Olympics Torch Relay Kicks Off as Japan Presses Ahead With Games
(Bloomberg) -- The Tokyo Olympic torch relay began Thursday in Fukushima, the ceremonial start to the delayed event and a signal of Japan’s determination to press ahead with the games amid the coronavirus pandemic.
Exactly a year after the games were officially delayed, the stakes are high for the government and organizers. The delay added at least $2.8 billion on top of an already expensive games. Venues have been rescheduled and sponsorships have been renewed.
The Games remain hugely valuable to broadcasters around the world, who have paid dearly for the rights. The upcoming Beijing 2022 Winter Games adds to the pressure on politicians to pull off a successful event.
“There’s too much invested and too many sunk costs, and there’s still a chance to make something back financially, even if it’s only to cut the losses,” said Paul Nadeau, an adjunct fellow with the Scholl Chair in International Business at the Center for Strategic and International Studies.
In March 2020, the relay was called off at the last minute amid panic over the growing pandemic. Hours later, Olympics officials announced the Summer Games would be delayed a year.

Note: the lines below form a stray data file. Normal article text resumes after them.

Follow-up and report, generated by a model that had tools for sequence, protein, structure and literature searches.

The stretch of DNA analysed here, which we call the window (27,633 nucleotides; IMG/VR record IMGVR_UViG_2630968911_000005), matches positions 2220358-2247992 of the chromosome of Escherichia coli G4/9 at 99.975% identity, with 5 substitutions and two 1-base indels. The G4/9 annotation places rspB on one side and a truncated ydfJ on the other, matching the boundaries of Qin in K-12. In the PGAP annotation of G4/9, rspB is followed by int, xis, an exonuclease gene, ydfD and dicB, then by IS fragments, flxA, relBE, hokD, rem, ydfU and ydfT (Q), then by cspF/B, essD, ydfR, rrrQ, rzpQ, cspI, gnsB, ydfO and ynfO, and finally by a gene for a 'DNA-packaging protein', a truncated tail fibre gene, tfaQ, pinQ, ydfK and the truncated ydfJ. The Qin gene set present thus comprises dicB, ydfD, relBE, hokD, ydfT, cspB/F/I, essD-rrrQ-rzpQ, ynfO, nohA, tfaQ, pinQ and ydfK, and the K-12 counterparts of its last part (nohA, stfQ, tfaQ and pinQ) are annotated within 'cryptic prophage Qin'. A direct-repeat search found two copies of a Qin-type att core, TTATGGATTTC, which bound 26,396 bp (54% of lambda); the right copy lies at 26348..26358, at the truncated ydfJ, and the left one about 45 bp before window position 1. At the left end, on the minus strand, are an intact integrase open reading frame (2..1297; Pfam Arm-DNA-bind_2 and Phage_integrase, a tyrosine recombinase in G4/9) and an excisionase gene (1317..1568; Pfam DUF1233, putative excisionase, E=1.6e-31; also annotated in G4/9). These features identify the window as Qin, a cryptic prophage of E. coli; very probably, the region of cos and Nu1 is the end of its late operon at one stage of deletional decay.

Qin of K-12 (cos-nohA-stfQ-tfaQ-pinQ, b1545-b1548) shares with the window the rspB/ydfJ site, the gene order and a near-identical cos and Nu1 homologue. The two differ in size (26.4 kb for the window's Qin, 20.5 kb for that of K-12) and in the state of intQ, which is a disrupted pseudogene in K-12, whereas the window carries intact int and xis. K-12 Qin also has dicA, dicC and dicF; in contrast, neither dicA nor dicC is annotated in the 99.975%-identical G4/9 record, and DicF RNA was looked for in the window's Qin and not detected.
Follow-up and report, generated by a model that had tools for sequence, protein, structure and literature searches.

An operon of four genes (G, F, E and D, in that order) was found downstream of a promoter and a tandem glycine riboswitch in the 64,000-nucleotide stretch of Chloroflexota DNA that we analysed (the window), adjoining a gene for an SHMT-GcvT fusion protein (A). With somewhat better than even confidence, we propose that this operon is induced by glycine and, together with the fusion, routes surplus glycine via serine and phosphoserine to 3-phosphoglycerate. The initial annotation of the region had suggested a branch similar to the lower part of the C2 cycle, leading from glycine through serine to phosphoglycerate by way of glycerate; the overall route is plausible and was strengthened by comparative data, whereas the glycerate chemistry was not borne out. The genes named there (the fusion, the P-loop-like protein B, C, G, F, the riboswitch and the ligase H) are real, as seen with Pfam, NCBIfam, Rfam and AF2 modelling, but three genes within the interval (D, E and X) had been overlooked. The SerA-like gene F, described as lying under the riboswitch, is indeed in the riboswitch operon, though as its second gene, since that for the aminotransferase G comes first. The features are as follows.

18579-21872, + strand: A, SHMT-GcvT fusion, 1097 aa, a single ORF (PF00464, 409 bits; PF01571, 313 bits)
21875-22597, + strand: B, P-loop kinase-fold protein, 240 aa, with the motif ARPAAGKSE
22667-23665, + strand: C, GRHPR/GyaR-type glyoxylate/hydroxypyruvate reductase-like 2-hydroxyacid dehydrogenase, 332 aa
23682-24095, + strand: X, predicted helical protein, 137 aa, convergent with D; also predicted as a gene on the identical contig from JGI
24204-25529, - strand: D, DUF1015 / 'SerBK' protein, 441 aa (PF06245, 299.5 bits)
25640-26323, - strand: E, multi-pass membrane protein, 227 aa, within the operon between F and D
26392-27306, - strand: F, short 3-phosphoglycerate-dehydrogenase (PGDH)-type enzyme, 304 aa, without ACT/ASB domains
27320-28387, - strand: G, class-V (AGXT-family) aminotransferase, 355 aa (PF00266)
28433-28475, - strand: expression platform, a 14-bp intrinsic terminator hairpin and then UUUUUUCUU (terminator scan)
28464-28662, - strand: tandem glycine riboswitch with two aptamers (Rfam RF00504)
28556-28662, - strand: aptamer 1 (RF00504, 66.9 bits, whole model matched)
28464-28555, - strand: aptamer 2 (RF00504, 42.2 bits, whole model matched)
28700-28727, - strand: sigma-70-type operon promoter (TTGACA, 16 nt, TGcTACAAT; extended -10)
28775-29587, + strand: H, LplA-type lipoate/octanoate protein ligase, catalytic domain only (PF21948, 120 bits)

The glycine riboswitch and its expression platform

While skeptics remain and coronavirus variants add another layer of uncertainties, the environment has changed in the last 12 months. More is known about the virus and preventive measures, and vaccinations have started.
Organizers have also acknowledged that the games can’t proceed as originally planned. Overseas spectators are now banned. Cheering is discouraged along the torch relay route, which travels through Japan’s 47 prefectures before the July 23 start of the games. Organizers are encouraging fans to watch the online stream as much as possible.
Governor of Shimane prefecture, located in western Japan, earlier last month threatened to cancel local relay events unless the host city of Tokyo and the country’s government take more aggressive steps to stop the spread of the coronavirus.
Public opinion remains firmly against holding the Games, though the opposition is softening a bit. Just 27% in a March 20-21 poll by the Asahi newspaper said that the Games should take place this summer, up from 11% who felt that way in the winter. Meanwhile, the local organizing committee has distracted from the ongoing challenges of the pandemic with a series of gaffes and public relations missteps.
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